How African nature becomes addictive. And how EcoTraining can help cure the itch.
My partner Sofie and I booked a holiday trip to Namibia many years ago. We had already travelled left, right and centre on different continents and figured this first time in Southern Africa would be ‘just the next holiday’. Boy, were we wrong!
When you fall in love with Africa
“There are only two ways about it”, our friendly travel agent told us all those years ago, explaining how a first African wildlife experience can affect people. “You can have a great time, come back, and consider it a ‘been there, done that’-experience.” That sounds fair, but what’s the second option? “Oh…” she whispered mysteriously. “Option two is that the bug bites. And when that happens, your life will change. For good.”
We spent the best of three weeks on that first Namibia trip. I saw the sights, climbed the dunes, and drove the endless roads towards the vast horizons—the sort of tour many first-time visitors take. But we knew. We knew it instantly. We knew it had happened after hearing our first elephant rumble in Etosha NP, seeing our first gemsbok stroll through that endless desert, or stargazing under those magical night skies at the Makgadikgadi Pans. The wilds of Africa had drawn us in. The bug had bitten.
In search of a profound experience
We didn’t know, that first time, what that deep sound coming out of the elephant meant. We learned a gemsbok was an antelope, also called oryx, but not much more. We also needed to determine which constellations we were staring at in Marvel. But in the following years, more trips followed. To South Africa (on several occasions), Botswana, Namibia again, and Zimbabwe. We were still touring and lodging at first, and then we were more and more adventurous camping later.
But we always tried to be immersed in nature as closely as possible. And this will probably sound familiar to other returning bush visitors: along the way, we bought a secondhand bird book, got better cameras, and tried to google our way into knowing more about every stunning-looking tree, flower, bird or lizard.
Curiosity for the bush
Curiosity is a powerful aspect of human nature. And on a subject as vast and diverse as the African bush, curiosity becomes seriously addictive. The more you learn, the more you realize how much you don’t know. But the more you understand, the better the experience becomes when you’re out there. That idea triggered our search for the ‘next level’. How could we learn, really learn, more about the place we had grown to love so much? How could we understand how the whole ecosystem fits together? And how could we do it with like-minded people whilst – why not – throwing a bit of adventure into the mix? I googled ‘wilderness course Africa’ and clicked on the link to a – then unknown – company called ‘EcoTraining’; the rest, as they say, is history.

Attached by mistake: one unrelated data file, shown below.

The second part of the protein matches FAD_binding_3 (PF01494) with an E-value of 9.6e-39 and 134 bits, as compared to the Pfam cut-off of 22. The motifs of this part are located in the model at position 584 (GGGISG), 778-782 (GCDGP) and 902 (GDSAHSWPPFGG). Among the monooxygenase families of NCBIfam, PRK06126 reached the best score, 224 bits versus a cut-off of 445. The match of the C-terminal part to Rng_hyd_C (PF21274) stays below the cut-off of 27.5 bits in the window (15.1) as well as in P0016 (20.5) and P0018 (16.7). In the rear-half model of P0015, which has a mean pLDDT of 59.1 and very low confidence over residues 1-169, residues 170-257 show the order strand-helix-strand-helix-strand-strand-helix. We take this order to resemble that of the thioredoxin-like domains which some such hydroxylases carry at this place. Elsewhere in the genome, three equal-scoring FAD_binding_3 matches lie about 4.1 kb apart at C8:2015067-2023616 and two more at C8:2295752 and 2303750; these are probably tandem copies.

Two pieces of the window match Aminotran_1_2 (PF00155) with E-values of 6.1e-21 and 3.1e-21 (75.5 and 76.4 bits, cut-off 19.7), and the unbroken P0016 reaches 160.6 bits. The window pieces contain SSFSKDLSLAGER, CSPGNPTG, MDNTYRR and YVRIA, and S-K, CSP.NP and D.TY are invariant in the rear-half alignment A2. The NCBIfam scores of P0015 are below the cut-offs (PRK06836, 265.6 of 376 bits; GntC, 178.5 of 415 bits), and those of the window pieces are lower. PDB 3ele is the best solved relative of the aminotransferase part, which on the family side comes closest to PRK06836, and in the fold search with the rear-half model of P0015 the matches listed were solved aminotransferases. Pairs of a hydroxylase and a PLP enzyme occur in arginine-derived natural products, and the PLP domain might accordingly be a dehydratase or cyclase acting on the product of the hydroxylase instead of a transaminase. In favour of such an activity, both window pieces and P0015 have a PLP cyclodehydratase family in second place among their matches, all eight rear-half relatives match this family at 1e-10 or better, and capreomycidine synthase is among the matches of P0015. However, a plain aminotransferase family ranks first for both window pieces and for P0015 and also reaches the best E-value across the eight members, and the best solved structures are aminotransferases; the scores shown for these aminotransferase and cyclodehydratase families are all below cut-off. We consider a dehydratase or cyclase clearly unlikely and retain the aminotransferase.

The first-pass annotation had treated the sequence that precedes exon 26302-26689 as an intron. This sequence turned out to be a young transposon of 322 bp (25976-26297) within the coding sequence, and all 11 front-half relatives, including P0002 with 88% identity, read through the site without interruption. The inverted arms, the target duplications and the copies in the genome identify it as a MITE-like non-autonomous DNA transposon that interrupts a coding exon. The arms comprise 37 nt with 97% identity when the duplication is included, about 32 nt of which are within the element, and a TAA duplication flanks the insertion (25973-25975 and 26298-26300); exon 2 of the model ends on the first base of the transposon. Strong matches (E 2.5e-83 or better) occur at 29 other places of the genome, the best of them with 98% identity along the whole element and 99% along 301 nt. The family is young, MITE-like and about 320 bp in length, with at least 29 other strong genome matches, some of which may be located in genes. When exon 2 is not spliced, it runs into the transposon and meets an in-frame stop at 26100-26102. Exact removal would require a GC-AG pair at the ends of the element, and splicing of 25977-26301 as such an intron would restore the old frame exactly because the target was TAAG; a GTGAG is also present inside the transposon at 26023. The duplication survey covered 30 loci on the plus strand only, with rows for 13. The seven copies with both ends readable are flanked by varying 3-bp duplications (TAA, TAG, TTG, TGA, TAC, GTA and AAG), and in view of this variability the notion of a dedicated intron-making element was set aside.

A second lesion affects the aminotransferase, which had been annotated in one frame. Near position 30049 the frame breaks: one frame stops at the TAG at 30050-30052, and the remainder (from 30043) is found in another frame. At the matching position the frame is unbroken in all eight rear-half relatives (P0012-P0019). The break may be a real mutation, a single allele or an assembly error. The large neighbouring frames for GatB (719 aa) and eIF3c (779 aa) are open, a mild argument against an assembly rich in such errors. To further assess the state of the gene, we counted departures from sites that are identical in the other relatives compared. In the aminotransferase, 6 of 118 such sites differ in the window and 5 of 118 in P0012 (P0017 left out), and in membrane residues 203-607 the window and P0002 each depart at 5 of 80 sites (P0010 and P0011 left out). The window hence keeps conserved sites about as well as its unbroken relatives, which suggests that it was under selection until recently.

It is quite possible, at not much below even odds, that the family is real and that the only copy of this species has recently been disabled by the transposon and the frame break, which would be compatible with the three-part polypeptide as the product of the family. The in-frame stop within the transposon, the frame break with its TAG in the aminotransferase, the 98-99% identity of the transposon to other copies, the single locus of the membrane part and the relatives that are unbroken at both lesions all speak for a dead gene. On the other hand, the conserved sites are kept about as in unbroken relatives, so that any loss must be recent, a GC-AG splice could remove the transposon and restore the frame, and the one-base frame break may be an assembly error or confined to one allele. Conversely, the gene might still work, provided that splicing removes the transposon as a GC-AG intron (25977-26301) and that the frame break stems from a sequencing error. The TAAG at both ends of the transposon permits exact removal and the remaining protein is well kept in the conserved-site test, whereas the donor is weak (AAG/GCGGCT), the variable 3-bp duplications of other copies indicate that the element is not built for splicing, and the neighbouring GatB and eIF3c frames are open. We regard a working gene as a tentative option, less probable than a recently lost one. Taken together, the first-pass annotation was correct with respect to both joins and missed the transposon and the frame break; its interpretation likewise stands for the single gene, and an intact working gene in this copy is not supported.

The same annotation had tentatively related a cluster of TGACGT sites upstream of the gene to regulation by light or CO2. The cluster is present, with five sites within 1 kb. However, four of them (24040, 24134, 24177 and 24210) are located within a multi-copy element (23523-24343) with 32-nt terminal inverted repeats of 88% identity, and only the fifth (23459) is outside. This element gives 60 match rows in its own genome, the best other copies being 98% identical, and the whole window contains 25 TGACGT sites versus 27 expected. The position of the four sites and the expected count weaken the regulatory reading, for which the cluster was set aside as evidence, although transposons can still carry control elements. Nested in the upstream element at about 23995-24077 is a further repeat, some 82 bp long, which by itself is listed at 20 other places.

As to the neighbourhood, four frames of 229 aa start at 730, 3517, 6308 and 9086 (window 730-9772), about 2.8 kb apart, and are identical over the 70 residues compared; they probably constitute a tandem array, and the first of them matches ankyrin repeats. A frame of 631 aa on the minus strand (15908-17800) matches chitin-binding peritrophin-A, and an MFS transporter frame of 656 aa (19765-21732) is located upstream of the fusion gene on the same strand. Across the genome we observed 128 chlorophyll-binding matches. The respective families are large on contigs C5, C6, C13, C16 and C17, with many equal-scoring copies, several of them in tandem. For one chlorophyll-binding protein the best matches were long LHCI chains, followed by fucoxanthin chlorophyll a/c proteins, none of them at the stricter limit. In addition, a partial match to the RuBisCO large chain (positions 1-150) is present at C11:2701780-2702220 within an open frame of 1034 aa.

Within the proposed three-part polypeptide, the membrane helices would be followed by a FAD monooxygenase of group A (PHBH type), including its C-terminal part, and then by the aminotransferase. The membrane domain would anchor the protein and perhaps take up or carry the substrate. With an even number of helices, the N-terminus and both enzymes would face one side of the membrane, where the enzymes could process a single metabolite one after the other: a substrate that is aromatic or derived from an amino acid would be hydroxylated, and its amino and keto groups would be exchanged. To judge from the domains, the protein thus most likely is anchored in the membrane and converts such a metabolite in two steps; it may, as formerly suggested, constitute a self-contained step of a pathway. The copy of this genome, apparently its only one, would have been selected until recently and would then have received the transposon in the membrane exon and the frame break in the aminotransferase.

A course for everyone
Living as far away from the bush as we do, having busy jobs with hectic time schedules attached, and – let’s face it – not boasting much experience in the great outdoors, we were a bit anxious when looking into EcoTraining’s program. However, we were immediately relieved and reassured, seeing that there was a course for everyone.
The Online Field Guide theory course, spread over eight weeks in three-a-week evening sessions, presented an ideal way to fit our learning curriculum into our busy lives. And what’s more, if we passed, it would open up the possibility for us to enrol on a 35-day Practical Field Guide Course at a later stage. That meant we could start learning immediately, allowing us time to get organized and make the necessary arrangements with work and family to plan our practicals. A few friendly e-mails later, and we were ready. A few weeks later, we would open our laptops to dial in live to South Africa and start our EcoTraining adventure!
Curious to know what happened next? Stay tuned or subscribe, and you’ll find out in the next episode: “Ladies and gents, please open your workbooks!”
Does Wim’s story sound familiar? Have you had your first experience with African wildlife and want to learn more?
Do you want to make a career out of wildlife, or are you simply an avid nature lover? There’s an adapted course for anyone’s needs!
Look at the entire program on the EcoTraining website and find out which suits you best.
35-Day Field Guide Practical l Course Spotlight
Today we join EcoTraining students Debbie, Maurice and Stephane at Pridelands. They started their journey with EcoTraining by enrolling and completing their Online Field Guide course and then decided to come and do their practical component. They came together at Pridelands, where they started their 35-day Field Guide Practical course—thrilled with the real-time experiences and incredible wildlife sightings one can only have when in the field.